The internal structure of a console application is represented in Figure 1, which outlines what changes required in the original program so it can respond to mouse events. As you can see, all mouse support code could be hidden in a separate module, and mouse-related code in the main body of the source is limited to the following calls:
Gpm_Open() The open function should be called before reading any input. It is used to connect to the daemon's socket and performs all the setup needed to get back events from the gpm daemon.
Gpm_Getc() Any call to getc() and to getch() should be replaced by the Gpm_-prefixed function. The replacement code manages multiple inputs and dispatches mouse events as needed—more on this later.
Gpm_Close() Before exit()ing, the mouse connection should be closed. This call may be omitted, though it isn't nice to do so.
When writing portable code, these few modifications could be masked out as suggested in the code fragment below. Its role is to define function names which are independent of mouse availability. Such preprocessor-specific code would better reside in a header file, to avoid ugly #ifdefs in the actual source. The approach of choice is to hide Gpm_Open in local_mouse_init, because setting up is more than a function call; conversely, local_mouse_close is a syntactic place holder.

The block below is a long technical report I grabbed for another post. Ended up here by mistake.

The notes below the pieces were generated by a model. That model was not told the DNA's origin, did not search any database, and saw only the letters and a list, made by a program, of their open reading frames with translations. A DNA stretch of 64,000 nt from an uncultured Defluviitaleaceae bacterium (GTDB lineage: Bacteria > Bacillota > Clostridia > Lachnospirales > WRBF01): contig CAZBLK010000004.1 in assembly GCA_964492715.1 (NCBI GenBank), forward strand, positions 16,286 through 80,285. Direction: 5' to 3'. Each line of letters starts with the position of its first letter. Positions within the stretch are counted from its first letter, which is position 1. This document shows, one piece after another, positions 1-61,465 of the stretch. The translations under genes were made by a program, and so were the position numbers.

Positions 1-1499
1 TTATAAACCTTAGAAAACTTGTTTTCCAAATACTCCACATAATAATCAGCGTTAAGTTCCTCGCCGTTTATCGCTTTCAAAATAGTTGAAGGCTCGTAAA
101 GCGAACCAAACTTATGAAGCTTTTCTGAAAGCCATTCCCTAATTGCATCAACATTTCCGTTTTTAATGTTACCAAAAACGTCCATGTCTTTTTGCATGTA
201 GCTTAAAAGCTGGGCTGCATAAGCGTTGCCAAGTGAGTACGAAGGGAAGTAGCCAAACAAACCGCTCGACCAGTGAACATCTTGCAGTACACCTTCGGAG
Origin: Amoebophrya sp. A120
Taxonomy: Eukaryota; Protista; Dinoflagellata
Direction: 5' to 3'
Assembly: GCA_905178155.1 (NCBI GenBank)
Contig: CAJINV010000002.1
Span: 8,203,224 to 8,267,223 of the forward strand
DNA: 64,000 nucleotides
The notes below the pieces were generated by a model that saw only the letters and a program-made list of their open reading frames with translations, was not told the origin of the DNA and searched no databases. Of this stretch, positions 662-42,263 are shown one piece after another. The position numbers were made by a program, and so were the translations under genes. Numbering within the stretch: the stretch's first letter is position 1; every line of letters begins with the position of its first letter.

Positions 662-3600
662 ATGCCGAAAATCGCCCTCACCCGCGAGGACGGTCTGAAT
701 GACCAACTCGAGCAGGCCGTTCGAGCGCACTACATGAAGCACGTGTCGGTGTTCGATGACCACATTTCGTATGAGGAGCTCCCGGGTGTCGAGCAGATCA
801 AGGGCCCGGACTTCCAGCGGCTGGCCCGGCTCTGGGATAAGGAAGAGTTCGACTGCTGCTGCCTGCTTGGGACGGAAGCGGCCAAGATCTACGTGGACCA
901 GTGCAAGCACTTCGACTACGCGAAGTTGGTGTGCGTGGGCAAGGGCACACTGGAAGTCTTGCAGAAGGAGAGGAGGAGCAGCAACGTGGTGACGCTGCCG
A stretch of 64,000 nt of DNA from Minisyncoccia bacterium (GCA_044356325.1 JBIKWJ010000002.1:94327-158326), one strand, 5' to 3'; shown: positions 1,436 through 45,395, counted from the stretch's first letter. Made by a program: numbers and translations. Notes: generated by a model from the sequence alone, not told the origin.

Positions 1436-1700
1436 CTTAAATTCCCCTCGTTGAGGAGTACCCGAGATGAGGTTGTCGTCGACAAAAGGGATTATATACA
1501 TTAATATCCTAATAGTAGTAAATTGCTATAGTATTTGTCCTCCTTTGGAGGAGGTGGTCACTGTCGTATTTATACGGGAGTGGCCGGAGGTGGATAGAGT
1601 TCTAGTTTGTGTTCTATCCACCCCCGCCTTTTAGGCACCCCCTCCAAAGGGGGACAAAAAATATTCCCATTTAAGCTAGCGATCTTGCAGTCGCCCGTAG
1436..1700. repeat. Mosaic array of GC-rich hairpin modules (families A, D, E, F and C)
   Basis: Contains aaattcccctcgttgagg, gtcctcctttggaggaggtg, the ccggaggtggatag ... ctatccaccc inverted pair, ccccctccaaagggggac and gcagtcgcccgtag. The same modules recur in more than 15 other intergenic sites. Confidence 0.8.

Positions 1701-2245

Any other code referring to the mouse can be put in a different source file from the general application code. A correct Makefile (possibly through autoconf) can easily choose which files need to be compiled and which preprocessor defines are needed, without cluttering the code with #ifdef/#endif.